Searching for Angels: A Field Experiment Via Harley Road King. Part One.


Okay, I want to warn you that this entry is going to be a bit unusual.
In my last blog I talked about that passage from Hebrews 13:2 where we are admonished: “Be not forgetful to entertain strangers: for thereby some have entertained angels unawares.” It got me thinking about a psychological experiment that was conducted over forty years ago. A professor knew that the psychiatric profession was pretty good at labeling people with a mental illness diagnosis, but he wondered how good were they at detecting “sanity”. Yeah, sanity. How do you tell the difference between sane and insane people? And if a person is ever given a mental health diagnosis, can they ever recover? Not have to carry that diagnosis with them their entire lives? Bear with me for a minute because this does relate to the blog’s topic of “searching for angels”. Anyway, this professor (See: Being Sane in Insane Places) decided to conduct an experiment. He sent eight people (including himself) to twelve psychiatric hospitals in five states in the USA. They were to tell the same story to the admissions officers about hearing voices (auditory hallucinations). They were all admitted. Once in the hospital they told the staff that they felt fine and were no longer hearing voices. So how long would it take for the hospitals to decide that these people were now sane? Well, the fact is that none of them were ever identified as being sane, healthy. Their stays were from 7-52 days with an average stay of 19 days. That’s with them acting entirely normal once they were admitted. In fact, in order for all of them to get out they had to admit to having a mental illness and agree to take anti-psychotic drugs. Before they were released all but one were diagnosed as having schizophrenia “in remission”. Nice label to take with you the rest of your life, huh? When the professor published his findings the hospitals “flipped out”! They complained that his experiment wasn’t fair. That he should have informed them that he was sending fake patients to the hospitals to give them a fair chance at catching them. Fair enough, he replied and he agreed to redo the experiment with one particularly aggrieved hospital. He would send patients to them over the next few months and see if they could identify the fake ones. Over that period of time that hospital had 193 admissions and they reported that they believed that 41 of the patients were fakes. That’s when the professor informed them that he actually hadn’t sent anyone into the hospitals!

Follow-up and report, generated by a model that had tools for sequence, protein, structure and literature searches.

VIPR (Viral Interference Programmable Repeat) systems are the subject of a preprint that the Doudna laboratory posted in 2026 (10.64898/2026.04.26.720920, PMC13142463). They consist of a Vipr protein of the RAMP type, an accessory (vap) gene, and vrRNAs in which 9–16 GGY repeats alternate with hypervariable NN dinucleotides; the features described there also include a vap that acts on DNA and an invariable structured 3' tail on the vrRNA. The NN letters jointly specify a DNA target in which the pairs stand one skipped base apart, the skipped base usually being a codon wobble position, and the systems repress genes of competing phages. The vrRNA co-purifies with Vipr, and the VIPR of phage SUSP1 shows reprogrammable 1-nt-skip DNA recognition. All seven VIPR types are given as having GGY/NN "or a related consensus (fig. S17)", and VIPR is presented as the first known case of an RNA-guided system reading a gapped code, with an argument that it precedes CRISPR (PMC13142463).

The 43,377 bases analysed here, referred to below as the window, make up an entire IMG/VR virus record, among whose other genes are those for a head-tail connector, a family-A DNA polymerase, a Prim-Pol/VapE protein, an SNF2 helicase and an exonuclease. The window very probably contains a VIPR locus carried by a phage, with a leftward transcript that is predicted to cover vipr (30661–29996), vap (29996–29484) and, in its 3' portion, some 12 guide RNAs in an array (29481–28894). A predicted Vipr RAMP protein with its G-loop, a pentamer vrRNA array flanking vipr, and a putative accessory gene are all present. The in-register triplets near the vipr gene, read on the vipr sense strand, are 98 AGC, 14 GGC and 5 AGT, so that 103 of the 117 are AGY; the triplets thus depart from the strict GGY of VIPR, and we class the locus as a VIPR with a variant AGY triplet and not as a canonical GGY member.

Can you see where I’m going with this? If the professionals couldn’t detect sane people then how good are we at detecting angels among the strangers we meet? That quote from Hebrews gives us a warning that we might not spot them! Emerson said that they might be “disguised and discredited” folks. I know that the story in Hebrews was a long time ago but there’s no reason at all to think that God has stopped sending angels in disguise to us. Maybe God is running the same kind of experiment. “I’m going to send angels to you disguised as strangers and I want you to treat them with hospitality. I’m watching. I want to see if you can identify them.” Well we were kind of warned in Hebrews. And this idea of showing hospitality to strangers is highly recommended in both the Hebrew and Christian Bibles and the Koran.
So, I have decided to do an experiment. Over the next week or so I’m going to see if I can identify angels in the strangers I meet and I’m going to treat them hospitably. Should be a “piece of cake” as we say in the USA or “wee buns” as they say in Ireland (I have no idea as to where these expressions came from!) Wherever I go I’m going to be scouting them out. I’m going to be eagle-eyed so I can catch these rascals. Think they can pull one over on me and Big Red, do they? We’ll see about that. I’ll report back to you in due course. And, I’ve got an “insane” idea, or is it “sane”? Why don’t you try doing it too and see how many angels you can find? We can compare notes.

To be continued…

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